@Gautam..are u so dumb that u dont even know who actually designed the plane..Plane is designed by NAL scientists..that's why u see N (stands for NAL) in NM-5Moreover, Mahindra just chipped in money to buy Gippsland Aeronautics in Australia and got this plane manufactured there. Mahindra first needs to set up aero manfacturing capability here...
MechstudI am well aware who designed the plane. It was NAL plus a 28-member team from Mahindra. And it was Mahindra and its subsidiary that turned the paper drawing into reality.Otherwise if HAL was NAL's partner we'd see another 20-year old saga like Saras before the plane flew again. NAL is only good of dreaming about plane designs: NM5 only became a reality because of Mahindra here. Whereas NAL on its own is taking forever to deliver Saras even with Russian help.
Why should we congratulate India for being 90 years behind the curve for producing a tiny aircraft such as this? This production finally shows how much India is behind to the developed world and China.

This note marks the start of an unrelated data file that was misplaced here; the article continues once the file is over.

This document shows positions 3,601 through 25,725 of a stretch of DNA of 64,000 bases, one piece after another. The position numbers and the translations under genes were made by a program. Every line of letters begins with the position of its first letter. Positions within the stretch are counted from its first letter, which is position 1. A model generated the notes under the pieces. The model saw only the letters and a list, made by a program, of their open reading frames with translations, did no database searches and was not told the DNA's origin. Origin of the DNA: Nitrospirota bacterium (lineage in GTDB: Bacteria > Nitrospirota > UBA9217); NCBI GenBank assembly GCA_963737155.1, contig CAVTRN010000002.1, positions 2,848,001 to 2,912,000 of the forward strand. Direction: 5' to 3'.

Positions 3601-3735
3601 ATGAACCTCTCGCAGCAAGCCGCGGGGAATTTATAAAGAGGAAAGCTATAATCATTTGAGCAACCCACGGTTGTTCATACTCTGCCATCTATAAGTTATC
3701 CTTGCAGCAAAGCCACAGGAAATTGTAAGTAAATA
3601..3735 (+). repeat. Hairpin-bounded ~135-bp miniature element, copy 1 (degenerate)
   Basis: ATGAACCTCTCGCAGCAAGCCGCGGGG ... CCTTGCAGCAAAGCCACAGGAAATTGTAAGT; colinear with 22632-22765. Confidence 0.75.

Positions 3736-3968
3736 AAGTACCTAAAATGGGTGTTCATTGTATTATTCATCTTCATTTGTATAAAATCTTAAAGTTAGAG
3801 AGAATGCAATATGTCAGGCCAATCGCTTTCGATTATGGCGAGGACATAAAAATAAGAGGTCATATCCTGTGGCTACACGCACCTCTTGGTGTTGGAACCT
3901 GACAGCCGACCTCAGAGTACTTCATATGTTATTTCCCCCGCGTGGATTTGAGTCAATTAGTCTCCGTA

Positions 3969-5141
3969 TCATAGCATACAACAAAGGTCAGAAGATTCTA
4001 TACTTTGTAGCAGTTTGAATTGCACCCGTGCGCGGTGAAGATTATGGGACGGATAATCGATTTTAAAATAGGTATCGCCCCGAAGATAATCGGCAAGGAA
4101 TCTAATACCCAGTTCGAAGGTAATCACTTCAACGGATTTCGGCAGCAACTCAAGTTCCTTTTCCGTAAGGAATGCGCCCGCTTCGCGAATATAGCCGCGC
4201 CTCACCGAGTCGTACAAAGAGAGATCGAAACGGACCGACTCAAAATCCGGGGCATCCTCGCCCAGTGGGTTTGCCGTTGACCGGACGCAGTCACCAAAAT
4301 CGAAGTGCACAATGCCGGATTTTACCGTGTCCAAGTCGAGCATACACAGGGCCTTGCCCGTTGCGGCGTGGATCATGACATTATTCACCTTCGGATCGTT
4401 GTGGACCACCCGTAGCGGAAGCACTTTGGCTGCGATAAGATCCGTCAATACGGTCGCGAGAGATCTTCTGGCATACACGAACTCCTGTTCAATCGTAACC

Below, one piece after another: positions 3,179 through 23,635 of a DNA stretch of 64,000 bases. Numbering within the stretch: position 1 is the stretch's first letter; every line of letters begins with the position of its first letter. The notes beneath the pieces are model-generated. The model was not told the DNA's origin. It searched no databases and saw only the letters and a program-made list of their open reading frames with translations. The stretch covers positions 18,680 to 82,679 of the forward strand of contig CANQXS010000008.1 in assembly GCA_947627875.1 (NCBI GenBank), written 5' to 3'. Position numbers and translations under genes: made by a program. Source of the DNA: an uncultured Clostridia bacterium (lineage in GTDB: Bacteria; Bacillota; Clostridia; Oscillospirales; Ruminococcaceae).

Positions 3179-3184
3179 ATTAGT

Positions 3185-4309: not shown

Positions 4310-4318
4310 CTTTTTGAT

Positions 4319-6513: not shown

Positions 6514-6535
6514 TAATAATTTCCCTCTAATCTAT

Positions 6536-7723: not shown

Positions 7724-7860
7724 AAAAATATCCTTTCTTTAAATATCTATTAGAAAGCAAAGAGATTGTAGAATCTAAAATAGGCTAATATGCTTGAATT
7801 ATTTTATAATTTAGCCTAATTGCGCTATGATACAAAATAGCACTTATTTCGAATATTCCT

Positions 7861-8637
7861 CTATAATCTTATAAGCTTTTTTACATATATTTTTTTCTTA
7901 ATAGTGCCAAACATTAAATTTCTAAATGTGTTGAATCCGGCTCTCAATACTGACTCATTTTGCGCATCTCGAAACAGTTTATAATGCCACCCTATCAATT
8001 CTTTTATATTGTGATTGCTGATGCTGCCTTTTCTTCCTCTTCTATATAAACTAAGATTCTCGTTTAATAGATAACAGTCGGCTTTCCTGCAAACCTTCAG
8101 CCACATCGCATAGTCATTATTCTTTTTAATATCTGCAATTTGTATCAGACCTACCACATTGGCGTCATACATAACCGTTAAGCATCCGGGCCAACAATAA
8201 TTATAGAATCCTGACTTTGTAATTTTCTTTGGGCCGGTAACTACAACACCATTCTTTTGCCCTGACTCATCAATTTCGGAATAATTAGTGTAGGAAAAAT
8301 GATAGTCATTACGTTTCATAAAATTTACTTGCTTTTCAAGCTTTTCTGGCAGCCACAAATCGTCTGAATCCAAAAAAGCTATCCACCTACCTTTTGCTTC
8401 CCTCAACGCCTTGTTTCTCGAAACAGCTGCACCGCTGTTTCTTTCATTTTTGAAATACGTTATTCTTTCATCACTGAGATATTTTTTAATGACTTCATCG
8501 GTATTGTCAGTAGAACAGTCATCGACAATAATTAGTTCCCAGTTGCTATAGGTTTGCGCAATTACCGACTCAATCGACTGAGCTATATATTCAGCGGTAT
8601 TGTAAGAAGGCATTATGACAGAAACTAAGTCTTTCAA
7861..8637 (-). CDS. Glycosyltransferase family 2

While I do appreciate that India has finally gotten to this toy of an airplane, it is sad that for 50 years, Indian aeronautical engineers, including from esteemed institutions such as IIT-Kanpur couldn't -- and still can't -- find a decent job in India. They migrated West to work for Boeing, Airbus, Concorde, Lockheed Martin, McDonnell Douglas ... and NASA ... for the F-22, F-16, F-35, 737, 747, 767, 787. And then, Indians bitch endlessly about brain-drain, and further condemn Indian brains for leaving the country, labeling them unpatriotic and all that type of shit, as if it was their fault to leave the country. I know how this bullcrap goes on within well-to-do Indian families from Delhi, Mumbai, Chennai ... all over: family members and other Indians are jealous as hell of their success. Instead of trying to gain their knowledge and take their advice on good things, they do the opposite. What's worse, when these brains want to come back to India, and wish to do things with improved technologies and management systems, they are more than frequently told to shove it. Well, we've found out over the years who really got shoved! The Indian technologists and engineers found great jobs overseas, made fortunes, lived well, traveled the world, and educated their children in the world's best universities, BUT India remained poor as hell, in the very bottom quartile of the poverty rate, industrialization level, and environmental care level -- unchanged from 1947 to 2011. India has a fixed place -- in the dung heap. Don't get fooled by all the economic advancement propaganda of the government. Relative to the world, India is still where it was at partition. It's not enough to say that India has advanced, because in war, the country has to be better than its adversaries and competitors, and it really isn't better than China by a long shot. In fact, smaller countries such as UAE, Saudi Arabia, Malaysia, Thailand, Vietnam ... have developed formidable militaries when they were nobodies 50 years ago.